Despite these requirements, another Medicare regulation provides that a state can opt out of these three federal regulations requiring physician supervision, thus enabling hospitals and surgery centers to remain eligible for Medicare reimbursements. To opt out of the physician supervision requirement, the state's governor must submit a letter to the Centers for Medicare and Medicaid Services*fn3 requesting an exemption. The letter "must attest" that the governor has: (1) consulted with State Boards of Medicine and Nursing about issues related to access to and the quality of anesthesia services in the State; (2) concluded that it is in the "best interests of the State's citizens" to opt out of the current federal physician supervision requirement; and (3) concluded that the opt out is "consistent with State law." (42 C.F.R. §§ 482.52(c)(1), 485.639(c)(1), 416.42(c)(1).) The governor's request to opt out may be submitted or withdrawn at any time. It is "effective upon submission." (42 C.F.R. §§ 482.52(c)(2), 416.42(c)(2), 485.639(e)(2).)

California's governor determined that all three of the federal requirements had been met after reviewing information pertaining to the use of CRNA's in California medical facilities, responses from the California Board of Registered Nursing and Medical Board of California, and letters from numerous hospital executives, administrators, and surgeons. Eventually, the Governor sent a letter to the Centers for Medicare and Medicaid Services on June 10, 2009, stating, "Having consulted with the California Board of Medicine and California Board of Registered Nursing and having determined that this exemption is consistent with state law, I have concluded that it is in the interests of the people of California to opt out of this requirement." As set forth in the federal regulations, the Governor's request was granted upon submission. At this point, California was the 15th state to opt out of the federal CRNA physician supervision requirement.*fn4

It is important at the outset to clarify the practical effect of the Governor's decision to opt out of the federal supervision requirement. Notably, appellants repeatedly make sweeping claims, such as the Governor "eliminated the physician supervision requirement from California law" by issuing the opt out, and that "[t]he effect of the decision, at least for purposes of those physicians, nurse anesthetists, patients, and hospitals that look to Medicare for reimbursement, will be to eliminate physician supervision of anesthesia services." In reality, the result of the opt out is that California hospitals, critical access hospitals, and ambulatory surgery centers are exempted from federal rules making physician supervision a prerequisite for Medicare reimbursements. Whether physicians should supervise CRNA's, or whether CRNA's should be used at all, are questions that have to be decided by each individual medical facility because "hospitals can always exercise stricter standards than required by State law." (66 Fed.Reg. 56762, 56765 (Nov. 13, 2001).) Accordingly, a hospital or other medical facility may require physician supervision of CRNA's if it deems it appropriate, irrespective of the state's opt out.*fn5 The Governor's opt-out decision merely gives California facilities the option of using CRNA's to administer anesthesia without physician supervision without jeopardizing their Medicare reimbursements.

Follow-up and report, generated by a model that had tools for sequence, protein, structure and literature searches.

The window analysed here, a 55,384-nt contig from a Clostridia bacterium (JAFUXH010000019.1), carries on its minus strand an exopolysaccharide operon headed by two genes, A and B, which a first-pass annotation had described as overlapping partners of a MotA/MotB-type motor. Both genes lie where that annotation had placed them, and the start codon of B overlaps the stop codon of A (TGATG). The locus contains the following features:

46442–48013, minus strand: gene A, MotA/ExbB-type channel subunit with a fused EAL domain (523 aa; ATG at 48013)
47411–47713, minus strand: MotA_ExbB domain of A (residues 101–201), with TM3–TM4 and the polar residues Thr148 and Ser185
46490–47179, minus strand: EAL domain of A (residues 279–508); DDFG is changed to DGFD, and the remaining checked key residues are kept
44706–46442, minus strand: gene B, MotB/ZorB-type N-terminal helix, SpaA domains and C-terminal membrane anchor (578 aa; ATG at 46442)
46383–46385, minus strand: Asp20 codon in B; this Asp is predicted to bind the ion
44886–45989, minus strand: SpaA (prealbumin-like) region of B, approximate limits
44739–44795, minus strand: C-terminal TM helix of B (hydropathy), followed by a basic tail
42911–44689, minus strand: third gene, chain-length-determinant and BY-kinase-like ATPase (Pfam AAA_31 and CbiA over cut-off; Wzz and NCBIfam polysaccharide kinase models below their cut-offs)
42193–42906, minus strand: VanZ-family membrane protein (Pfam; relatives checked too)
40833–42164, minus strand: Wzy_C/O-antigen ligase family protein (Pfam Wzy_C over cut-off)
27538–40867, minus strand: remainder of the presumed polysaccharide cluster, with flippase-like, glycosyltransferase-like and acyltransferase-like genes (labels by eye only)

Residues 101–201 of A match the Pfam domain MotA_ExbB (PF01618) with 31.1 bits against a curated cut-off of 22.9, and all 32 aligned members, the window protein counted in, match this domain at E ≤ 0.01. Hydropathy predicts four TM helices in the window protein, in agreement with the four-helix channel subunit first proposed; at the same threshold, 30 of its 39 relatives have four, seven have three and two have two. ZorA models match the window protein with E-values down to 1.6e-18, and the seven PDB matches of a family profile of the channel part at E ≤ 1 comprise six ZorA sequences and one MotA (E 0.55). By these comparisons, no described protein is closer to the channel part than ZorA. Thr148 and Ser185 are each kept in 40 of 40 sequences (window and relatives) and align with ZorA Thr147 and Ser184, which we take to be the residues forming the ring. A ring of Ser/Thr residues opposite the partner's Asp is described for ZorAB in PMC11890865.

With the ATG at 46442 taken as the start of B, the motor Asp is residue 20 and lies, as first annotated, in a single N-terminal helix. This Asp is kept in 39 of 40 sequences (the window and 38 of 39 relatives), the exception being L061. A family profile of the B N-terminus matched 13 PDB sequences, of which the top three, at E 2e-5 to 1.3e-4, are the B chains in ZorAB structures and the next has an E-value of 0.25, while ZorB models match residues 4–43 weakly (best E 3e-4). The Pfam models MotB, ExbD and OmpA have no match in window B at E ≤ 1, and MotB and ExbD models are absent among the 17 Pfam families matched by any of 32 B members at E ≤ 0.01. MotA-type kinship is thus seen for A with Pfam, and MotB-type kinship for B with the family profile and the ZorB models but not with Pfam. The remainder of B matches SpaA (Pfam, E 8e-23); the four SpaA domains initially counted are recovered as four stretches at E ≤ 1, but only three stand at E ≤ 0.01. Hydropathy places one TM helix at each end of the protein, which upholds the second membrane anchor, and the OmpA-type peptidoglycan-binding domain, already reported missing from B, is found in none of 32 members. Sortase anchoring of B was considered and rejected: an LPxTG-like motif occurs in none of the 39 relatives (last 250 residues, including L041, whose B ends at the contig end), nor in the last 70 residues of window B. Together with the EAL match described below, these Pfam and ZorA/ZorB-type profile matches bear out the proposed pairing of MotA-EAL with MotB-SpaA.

On February 2, 2010, following the Governor's refusal to rescind the opt-out letter, appellants filed the present case seeking a writ of mandate directing the Governor to withdraw the opt out as inconsistent with California law. Appellants also sought a general declaration that California law requires CRNA's to administer anesthesia under physician supervision. After the California Association of Nurse Anesthetists was allowed to intervene, the parties filed cross-motions for summary judgment.

On December 23, 2010, the superior court issued an order denying appellants' writ petition and motion for summary judgment, and granting summary judgment for the Governor and the California Association of Nurse Anesthetists (collectively, respondents). The court's written decision began by observing that the "only actual conduct challenged by [appellants] is . . . the Governor's attestation to CMS [Centers for Medicare and Medicaid Service] that the opt-out is consistent with California law." The court emphasized that appellants' writ petition and motion for summary judgment did not challenge the other two attestations made by the Governor; namely, that he had: (1) consulted with the state's Board of Medicine and Board of Registered Nursing, and (2) determined that the opt out was in the bests interests of the state's citizens.

The trial court denied all of appellants' requested relief, observing that the federal government structured the federal opt-out rules to "assign[] the question of whether the opt-out is consistent with state law to the Governor's discretion, whom CMS [Centers for Medicare and Medicaid Service] viewed as 'best suited' to make that determination." Thus, the court determined that it "must respect that structure" and not ...